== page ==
The Unlikable Philosopher: A Quest for Understanding in a World of Disconnection


Even before my desire to grow more solitary, I've been, by and large, very incompetent at social interactions. I see no reason to pretend otherwise. I was ever rarely liked by most people outside of my family. Even my own deceased grandfather, whose face I've forgotten due to partial facial blindness, once called me a "moron," something which led my mother to sever our connection as a child.


I don't know why I am such an unlikeable person, as I've never intended to be, regardless of the point in time. Before I transformed from Tom to Tomasio, I've always strived for approval and appreciation, only to fall short in the eyes of many. This is why philosophizing is the only thing I am proud of, for the best thing I am capable of doing is to repay my debt to this field for saving my life a very long time ago. It's simply because it's my only redeeming quality, I believe. If it weren't for this, I might have sunk into depression, or sadness at best, agreed with Chen that I am irrelevant, and would kill myself off, seeing how much suffering I cause others by my verdict of being.


Why should I expect affection from anyone? It's too unrealistic. No. Getting more authority, while not a good supplement for it, is better than nothing. So it's exactly what I've been doing and going to do.



Most people from my past have vanished. I can't tell what made them decide to do so. Some told me their reasons, while others simply vanished without a word, like the cowardly ghosters they are.


I do not pretend to understand the social mechanism in eyes of the neurotypical, as my social limitations prevent me from doing so, and of that I am aware. I already know, however, that there is no complete justice in this world, and just as I couldn't then, I cannot always get what I want.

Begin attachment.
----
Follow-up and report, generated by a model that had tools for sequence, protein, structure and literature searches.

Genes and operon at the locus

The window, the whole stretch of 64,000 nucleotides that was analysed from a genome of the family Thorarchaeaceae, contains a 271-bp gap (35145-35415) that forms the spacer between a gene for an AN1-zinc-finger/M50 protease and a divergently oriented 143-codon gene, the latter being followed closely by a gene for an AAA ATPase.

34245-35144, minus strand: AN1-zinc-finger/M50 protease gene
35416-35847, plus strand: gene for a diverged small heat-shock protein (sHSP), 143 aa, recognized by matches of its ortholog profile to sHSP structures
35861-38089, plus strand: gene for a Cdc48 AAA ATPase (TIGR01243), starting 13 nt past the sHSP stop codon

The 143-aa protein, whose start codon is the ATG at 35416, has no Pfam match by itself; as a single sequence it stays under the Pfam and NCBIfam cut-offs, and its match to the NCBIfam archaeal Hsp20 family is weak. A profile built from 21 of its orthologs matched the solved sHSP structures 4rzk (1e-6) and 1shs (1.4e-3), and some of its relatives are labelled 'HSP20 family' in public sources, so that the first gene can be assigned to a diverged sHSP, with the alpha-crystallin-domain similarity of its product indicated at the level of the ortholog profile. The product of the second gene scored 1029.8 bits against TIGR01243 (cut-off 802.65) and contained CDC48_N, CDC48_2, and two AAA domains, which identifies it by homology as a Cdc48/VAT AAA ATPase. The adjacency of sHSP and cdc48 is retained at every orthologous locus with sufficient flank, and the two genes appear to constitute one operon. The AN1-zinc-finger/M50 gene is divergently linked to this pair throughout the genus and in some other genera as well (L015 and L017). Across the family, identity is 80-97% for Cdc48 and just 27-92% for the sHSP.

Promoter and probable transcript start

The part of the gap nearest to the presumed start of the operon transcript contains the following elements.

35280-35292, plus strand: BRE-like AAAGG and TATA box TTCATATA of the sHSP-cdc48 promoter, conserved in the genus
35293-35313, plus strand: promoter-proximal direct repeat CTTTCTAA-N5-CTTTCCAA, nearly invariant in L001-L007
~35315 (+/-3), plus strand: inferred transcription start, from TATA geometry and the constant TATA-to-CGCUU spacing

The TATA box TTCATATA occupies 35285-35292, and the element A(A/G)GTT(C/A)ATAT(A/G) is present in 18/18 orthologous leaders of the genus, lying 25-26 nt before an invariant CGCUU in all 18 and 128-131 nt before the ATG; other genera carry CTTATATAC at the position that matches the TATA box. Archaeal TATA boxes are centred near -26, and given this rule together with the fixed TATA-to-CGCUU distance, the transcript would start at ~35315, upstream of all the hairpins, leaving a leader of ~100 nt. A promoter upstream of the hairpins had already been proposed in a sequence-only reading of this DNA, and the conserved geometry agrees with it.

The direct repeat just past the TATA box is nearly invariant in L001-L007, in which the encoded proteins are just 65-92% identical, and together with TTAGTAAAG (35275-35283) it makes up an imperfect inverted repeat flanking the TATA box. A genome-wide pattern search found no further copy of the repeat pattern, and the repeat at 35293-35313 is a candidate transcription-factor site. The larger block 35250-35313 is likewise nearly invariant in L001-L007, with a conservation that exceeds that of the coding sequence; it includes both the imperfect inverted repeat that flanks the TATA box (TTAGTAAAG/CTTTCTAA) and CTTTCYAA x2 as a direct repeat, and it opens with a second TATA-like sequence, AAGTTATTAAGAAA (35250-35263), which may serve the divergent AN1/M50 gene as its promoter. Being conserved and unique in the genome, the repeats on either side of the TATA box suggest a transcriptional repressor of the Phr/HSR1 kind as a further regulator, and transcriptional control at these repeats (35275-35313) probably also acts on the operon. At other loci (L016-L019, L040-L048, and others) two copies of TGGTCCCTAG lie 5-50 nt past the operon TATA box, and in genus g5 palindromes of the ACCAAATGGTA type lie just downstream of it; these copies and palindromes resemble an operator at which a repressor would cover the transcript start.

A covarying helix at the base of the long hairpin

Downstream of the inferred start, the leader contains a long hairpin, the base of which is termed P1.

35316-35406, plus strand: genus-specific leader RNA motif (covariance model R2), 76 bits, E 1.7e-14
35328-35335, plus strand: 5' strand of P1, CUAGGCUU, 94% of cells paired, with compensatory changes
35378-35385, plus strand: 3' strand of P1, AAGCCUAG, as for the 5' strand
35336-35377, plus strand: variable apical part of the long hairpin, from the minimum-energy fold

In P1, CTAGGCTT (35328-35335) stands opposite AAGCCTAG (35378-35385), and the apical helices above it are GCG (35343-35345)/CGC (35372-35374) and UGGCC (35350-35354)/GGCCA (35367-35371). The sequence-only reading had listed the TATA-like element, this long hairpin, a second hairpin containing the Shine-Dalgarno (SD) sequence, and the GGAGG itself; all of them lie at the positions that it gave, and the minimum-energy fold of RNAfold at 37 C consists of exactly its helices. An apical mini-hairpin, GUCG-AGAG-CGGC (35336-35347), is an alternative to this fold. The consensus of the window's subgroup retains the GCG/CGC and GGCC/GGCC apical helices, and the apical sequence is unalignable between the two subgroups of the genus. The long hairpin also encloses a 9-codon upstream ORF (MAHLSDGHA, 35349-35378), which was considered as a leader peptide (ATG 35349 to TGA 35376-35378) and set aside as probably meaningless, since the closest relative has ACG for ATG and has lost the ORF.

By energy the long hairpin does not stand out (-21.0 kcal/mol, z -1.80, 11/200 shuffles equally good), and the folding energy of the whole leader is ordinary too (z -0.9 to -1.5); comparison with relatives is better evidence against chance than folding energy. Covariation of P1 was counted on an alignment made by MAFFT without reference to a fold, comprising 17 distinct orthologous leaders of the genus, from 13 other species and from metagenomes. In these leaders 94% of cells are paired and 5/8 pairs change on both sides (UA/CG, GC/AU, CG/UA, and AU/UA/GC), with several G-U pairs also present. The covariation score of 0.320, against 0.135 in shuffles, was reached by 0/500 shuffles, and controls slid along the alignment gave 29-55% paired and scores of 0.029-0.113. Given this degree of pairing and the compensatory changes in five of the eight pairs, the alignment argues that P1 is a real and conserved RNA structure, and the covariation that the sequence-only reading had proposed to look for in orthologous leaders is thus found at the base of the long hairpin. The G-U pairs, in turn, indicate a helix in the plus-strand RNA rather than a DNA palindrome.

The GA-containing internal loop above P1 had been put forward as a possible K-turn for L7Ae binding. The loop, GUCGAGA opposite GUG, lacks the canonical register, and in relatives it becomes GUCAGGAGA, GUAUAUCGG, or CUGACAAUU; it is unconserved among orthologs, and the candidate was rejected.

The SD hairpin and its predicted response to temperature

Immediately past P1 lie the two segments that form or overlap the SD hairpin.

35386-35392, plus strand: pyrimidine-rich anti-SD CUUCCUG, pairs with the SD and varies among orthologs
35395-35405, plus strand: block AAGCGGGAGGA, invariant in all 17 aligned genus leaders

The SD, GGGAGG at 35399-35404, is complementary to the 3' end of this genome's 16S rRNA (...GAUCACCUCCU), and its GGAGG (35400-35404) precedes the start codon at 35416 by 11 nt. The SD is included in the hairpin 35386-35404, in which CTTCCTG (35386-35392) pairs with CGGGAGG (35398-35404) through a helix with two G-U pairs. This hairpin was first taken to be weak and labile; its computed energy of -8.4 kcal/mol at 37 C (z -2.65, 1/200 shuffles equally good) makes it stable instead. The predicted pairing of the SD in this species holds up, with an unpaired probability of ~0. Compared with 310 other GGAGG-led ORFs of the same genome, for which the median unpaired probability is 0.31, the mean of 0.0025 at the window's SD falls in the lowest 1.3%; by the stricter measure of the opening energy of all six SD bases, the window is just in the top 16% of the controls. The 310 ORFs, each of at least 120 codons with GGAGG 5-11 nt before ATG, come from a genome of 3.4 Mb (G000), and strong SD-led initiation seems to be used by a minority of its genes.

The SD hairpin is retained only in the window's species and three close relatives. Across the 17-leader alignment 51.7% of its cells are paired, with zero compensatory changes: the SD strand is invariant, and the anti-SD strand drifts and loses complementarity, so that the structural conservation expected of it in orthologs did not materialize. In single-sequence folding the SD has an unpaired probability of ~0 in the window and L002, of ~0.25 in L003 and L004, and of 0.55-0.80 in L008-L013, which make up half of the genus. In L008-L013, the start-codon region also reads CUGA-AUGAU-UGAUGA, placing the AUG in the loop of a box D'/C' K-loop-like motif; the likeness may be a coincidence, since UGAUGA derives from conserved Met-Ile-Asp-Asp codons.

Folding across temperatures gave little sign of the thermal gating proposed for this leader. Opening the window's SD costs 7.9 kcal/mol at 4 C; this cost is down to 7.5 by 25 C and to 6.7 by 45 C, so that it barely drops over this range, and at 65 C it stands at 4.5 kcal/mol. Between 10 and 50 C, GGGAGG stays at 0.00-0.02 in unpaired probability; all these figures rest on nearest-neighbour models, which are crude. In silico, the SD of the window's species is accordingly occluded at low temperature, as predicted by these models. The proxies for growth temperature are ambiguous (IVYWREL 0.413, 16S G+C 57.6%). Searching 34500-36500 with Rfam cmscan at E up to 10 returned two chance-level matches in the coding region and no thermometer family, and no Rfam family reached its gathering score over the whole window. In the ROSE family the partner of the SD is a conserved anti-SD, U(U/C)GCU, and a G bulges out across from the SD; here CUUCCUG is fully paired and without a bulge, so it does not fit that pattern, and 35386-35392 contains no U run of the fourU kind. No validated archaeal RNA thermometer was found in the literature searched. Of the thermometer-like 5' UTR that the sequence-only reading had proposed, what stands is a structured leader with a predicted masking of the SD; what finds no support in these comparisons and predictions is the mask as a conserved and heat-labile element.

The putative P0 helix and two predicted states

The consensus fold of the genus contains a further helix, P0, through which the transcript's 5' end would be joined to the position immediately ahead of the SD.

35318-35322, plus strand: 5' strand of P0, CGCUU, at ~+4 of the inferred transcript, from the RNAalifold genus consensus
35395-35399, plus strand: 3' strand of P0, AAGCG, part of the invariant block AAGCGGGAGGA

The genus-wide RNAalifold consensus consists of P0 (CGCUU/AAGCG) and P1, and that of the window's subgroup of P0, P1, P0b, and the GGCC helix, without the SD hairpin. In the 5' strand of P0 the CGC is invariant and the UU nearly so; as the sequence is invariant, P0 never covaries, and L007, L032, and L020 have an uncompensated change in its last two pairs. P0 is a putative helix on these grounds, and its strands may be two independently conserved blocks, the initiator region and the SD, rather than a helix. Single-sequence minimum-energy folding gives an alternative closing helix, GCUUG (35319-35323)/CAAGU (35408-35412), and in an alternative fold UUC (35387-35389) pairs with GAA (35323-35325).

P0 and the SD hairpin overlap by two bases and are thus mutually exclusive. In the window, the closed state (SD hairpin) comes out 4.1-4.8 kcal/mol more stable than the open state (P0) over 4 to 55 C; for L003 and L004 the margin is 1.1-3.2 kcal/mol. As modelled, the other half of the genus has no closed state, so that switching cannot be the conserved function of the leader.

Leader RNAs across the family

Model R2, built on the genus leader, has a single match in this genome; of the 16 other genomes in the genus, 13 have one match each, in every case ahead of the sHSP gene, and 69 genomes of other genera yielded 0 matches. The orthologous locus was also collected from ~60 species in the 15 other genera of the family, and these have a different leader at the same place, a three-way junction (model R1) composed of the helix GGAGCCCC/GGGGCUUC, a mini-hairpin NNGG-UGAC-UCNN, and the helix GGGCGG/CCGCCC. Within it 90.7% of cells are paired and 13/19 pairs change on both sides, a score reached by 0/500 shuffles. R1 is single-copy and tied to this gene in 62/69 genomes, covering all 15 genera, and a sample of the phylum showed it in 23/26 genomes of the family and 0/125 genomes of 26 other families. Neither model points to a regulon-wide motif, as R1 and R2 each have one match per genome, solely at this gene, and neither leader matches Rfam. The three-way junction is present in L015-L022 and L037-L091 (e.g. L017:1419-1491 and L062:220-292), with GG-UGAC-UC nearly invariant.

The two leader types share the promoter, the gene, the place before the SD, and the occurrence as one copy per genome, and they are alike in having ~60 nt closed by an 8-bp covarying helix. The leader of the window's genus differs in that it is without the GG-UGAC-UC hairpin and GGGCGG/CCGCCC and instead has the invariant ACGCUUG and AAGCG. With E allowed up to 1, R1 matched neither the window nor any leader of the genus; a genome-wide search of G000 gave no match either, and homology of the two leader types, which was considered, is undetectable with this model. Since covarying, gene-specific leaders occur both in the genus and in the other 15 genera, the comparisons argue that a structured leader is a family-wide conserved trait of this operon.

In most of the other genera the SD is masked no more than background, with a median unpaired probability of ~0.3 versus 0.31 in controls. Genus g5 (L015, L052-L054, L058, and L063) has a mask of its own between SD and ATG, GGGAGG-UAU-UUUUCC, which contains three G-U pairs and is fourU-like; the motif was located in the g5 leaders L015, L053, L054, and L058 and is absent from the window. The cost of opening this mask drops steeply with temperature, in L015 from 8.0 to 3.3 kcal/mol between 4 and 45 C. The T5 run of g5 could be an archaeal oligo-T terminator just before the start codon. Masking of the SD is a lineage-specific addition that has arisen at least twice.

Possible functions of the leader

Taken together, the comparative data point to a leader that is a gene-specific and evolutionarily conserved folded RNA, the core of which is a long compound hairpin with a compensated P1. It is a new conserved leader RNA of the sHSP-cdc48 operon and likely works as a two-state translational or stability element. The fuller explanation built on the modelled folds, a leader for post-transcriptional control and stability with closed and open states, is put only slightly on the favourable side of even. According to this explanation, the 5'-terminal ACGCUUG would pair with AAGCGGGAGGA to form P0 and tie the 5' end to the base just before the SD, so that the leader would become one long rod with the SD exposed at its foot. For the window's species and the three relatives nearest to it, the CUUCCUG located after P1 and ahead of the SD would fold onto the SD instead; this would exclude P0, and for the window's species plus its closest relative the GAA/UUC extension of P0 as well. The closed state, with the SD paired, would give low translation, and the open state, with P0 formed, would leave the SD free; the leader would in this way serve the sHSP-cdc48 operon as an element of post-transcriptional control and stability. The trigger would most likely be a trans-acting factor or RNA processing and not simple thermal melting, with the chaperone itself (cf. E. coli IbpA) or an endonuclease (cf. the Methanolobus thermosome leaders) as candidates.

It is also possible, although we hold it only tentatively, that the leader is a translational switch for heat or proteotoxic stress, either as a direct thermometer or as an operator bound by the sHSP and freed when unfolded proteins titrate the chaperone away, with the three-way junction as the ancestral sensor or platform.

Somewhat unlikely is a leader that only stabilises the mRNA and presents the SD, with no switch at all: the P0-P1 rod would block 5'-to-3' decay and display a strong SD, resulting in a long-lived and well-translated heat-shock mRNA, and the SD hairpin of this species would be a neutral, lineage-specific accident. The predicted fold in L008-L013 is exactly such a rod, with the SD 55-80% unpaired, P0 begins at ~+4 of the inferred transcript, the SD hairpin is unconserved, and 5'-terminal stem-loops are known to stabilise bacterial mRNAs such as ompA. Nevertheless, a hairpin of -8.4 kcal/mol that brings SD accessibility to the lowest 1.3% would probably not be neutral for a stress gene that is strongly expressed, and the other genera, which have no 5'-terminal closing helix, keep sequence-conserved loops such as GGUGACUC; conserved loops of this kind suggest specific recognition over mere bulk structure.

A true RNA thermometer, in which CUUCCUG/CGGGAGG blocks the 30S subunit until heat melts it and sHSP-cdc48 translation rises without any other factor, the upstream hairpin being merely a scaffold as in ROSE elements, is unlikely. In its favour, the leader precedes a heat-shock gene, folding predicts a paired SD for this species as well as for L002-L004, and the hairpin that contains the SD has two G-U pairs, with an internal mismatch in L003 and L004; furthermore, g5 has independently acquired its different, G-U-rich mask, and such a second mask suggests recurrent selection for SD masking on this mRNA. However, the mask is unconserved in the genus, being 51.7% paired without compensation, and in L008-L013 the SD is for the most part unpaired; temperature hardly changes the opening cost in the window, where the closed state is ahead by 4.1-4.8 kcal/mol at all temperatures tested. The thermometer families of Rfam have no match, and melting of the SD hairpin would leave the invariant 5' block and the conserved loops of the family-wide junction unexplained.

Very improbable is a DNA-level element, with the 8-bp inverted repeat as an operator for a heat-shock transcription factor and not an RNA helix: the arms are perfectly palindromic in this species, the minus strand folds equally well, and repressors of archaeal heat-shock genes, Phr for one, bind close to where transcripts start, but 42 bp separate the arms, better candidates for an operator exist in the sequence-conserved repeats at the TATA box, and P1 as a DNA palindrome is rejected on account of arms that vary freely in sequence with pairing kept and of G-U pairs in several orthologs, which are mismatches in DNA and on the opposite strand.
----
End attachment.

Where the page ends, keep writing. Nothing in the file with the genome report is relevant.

Hehehehe. This however shouldn't stop me from trying. For that, the individual must resist his own desires, in the name of his or her ambitions. Persistence, and not passion alone, is what leads a man or woman to their success. And as such, I care not for happiness, in a world whose morality I can influence, and improve. Since I care for this world more than I care for myself, I choose success.


Living with Autism in a Neurotypical World


There's a reason why I'm eligible for government assistance. In my country, people with autism can qualify for a basic income, which, while modest, helps keep a roof over my head.


It's as if myself and the rest of society are speaking different languages, with subtle nuances lost in translation. It could be handled with should we avoid acting on petty emotion and should we keep subtext at a minimum, as if we're reading philosophical texts. Navigating these differences in understanding can be tiring, and it's a significant reason why I've chosen a more solitary life, rarely venturing far from home, where people care for me not.


Despite my diagnosis of autism, I don't believe a group living facility is the right path for me. In a world that doesn't love me and that doesn't care if I be a corpse, due to my double-edged uniqueness, I know that this world is against me. My distress and my pain matters to it not, so it won't hesitate to lock me up and keep me away from working on this site and contributing to... well... to the world. I'm in a love-hate relationship with the world. And I refuse to relent to the fact that it fears me for my eccentric mentality.